- Rep. Duncan Hunter: While Obama prays for Iranian change, U.S. should ready its nukes
- Best company ever? Veteran Beer Co. exists to employ vets, provide quality beer
- Iran official: Sanctions ‘utterly failed’ to stop nuclear program
- ‘Black Santa’ display at IU sparks student outrage
- Joint Chiefs chair Dempsey: Pentagon, VA too slow in merging medical systems
- Sen. Ben Cardin hits Ukraine for crackdown on Kiev protests
- Drone technology turns South, targets feral pigs to kill
- Puerto Rico caravan honoring Paul Walker ends in 6 drunken-driving arrests, 72 speeding tickets
- Better pack a lightsaber: House told space explorers could find alien life in 10 years
- Selfies gone too far? N.Y. woman snaps photo in front of suicidal man on bridge
Somalia’s children schooled in guns
Question of the Day
That might be a common complaint among teachers, but Mr. Abdi’s concerns go further: His students are interested in playing war.
“Students here are not so much interested in learning, because they can see a lot of people carrying guns,” said the 22-year-old English teacher.
“Small guys like them are carrying guns, when they go from [school] to their houses … they pretend to be fighting using sticks like guns.
“That’s what they have in their hearts. Their intention: That they will fight when they grow older,” Mr. Abdi said.
Sikander Khan, the top official for the U.N. children’s agency in Somalia, said there is an increased need to invest more in Somalia’s youth and children in order to give long-term peace a chance to prevail.
“We need to make sure that this generation receives quality basic education, access to social services and protection from violence and abuse,” he said. “This will stop them being sucked into the continuing violence and they will then be able to make a positive and lasting contribution to the future of Somalia.”
“It is estimated that thousands of children have been trained in the use of arms and other skills related to combat. Reports from our partners indicate that in recent months there has been an increase in the recruitment and use of children in armed conflict by warring partners,” Mr. Khan said.
That year a group called the Islamic Courts Union brought some semblance of order when they took control of Somalia and tried to enforce their strict interpretation of Islamic law.
Mohamed said he has seen dead bodies on the street - most recently, when a man was shot because he refused to give a thief his watch.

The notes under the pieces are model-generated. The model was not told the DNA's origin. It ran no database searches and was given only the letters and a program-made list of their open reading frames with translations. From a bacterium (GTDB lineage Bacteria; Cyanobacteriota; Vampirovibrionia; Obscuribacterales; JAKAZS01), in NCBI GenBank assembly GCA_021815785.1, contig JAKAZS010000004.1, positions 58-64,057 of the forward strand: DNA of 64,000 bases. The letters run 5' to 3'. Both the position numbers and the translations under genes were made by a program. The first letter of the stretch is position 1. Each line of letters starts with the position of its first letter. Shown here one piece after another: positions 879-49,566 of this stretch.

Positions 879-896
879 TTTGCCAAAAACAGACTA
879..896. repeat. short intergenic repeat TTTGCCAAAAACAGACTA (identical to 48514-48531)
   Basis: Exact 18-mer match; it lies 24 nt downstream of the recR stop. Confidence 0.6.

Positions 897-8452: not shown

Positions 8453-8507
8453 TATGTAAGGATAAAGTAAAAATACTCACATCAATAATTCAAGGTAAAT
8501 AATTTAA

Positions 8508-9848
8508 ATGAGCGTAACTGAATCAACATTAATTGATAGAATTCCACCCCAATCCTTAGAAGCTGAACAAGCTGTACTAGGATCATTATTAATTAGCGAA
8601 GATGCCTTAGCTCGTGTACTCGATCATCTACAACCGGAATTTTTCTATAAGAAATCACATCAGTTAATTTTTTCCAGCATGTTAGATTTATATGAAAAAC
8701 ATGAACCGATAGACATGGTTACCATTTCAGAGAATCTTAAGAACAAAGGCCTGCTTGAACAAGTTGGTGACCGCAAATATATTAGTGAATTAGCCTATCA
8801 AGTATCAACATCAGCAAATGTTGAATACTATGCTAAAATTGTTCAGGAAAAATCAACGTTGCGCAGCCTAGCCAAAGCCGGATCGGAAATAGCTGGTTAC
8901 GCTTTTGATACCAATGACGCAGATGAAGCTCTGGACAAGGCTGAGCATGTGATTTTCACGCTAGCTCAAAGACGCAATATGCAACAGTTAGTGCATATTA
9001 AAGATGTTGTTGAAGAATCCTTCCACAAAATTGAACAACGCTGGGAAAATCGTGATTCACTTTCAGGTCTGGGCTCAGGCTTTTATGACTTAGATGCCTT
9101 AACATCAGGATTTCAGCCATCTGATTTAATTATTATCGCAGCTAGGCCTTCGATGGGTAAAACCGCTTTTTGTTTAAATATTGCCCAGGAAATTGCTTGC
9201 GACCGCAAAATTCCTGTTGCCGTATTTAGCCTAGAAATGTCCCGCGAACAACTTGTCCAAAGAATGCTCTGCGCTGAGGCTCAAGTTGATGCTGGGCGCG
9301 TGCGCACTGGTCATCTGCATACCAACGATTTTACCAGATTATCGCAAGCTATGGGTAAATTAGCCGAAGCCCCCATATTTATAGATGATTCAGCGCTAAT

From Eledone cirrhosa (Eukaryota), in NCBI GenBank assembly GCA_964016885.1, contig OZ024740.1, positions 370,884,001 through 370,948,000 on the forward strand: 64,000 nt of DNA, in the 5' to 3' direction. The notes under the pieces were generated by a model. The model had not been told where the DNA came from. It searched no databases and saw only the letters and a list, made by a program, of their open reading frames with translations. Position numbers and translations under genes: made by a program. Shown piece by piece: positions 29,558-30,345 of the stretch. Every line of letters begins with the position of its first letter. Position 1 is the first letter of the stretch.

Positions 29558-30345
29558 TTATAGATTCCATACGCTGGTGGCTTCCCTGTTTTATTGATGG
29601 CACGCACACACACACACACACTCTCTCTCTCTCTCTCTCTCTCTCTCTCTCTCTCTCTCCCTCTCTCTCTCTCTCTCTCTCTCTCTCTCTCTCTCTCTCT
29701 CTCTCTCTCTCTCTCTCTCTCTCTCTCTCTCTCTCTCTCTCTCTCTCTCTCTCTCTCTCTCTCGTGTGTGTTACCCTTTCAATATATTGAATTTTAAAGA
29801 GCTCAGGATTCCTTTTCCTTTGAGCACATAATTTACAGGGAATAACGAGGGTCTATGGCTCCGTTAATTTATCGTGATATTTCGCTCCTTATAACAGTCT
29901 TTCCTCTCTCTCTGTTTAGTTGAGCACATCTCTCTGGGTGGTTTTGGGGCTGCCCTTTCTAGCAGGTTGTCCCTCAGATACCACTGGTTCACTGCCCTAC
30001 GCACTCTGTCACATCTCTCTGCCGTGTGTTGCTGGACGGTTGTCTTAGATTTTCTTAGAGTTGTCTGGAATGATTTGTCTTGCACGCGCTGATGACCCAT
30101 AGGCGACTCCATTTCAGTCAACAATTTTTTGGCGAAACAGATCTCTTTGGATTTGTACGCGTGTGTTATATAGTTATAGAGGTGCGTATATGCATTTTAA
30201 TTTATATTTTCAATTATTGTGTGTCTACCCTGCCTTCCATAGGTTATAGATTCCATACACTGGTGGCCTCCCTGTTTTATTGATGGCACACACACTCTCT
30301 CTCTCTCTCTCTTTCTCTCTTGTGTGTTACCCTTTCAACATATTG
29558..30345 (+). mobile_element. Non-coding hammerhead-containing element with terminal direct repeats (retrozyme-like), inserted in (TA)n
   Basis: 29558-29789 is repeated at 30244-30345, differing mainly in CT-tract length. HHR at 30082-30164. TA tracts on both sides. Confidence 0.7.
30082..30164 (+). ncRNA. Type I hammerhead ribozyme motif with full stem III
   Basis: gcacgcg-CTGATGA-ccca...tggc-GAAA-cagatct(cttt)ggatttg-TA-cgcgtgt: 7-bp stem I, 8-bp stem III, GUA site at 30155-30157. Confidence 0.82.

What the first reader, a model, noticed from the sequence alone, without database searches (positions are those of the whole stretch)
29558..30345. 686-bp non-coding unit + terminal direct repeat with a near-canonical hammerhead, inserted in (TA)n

Mohamed said he doesn’t know how to use a gun but thinks it would be good to learn for self-protection.
Somalia has been in conflict since the 1991, when long-term dictator Siad Barre was overthrown by warlords who then turned on each other.
Mr. Khan said the violence has deprived children of their childhood. Because of the conflict, many are also at risk of disease and malnutrition, among other safety risks, because of the lack of an effective central government.
Somalia has one of the worst child mortality rates in the world. One out of every six children die before their fifth birthday, he said.
By Tom Harris and Madhav Khandekar
Bad science puts rich nations on the hook for trillions in climate liabilities
- Hola: Boehner prepares to push amnesty bill through House
- Kill team: Obama war chiefs widen drone death zones
- U.S. drops 2,000 mice on Guam by parachute to kill snakes
- Doctors say profound new HIV treatment may prove the cure
- Inside China: Nuclear submarines capable of widespread attack on U.S.
- EDITORIAL: Motor City meltdown
- CARSON: Getting to the top by starting at the bottom
- Last call: State Dept. bought $180,000 in liquor before shutdown
- MILLER: Obamas EPA closing smelter will not affect ammunition supply
- Obama: Growing income inequality 'defining challenge' of this generation
Independent voices from the The Washington Times Communities
The Career Doctor Cassi Fields prescribes valuable advice for anyone looking to find a career, nail an interview or earn a promotion.
Headlines from Associated Press and around the Internet
Columns from Voices around the World talking about the events, people, politics and social issues that concern us wherever, and whoever, we are.
This column will cover anything that has anything remotely to do with the game of baseball, from the game itself to mid-summer trades to offseason moves.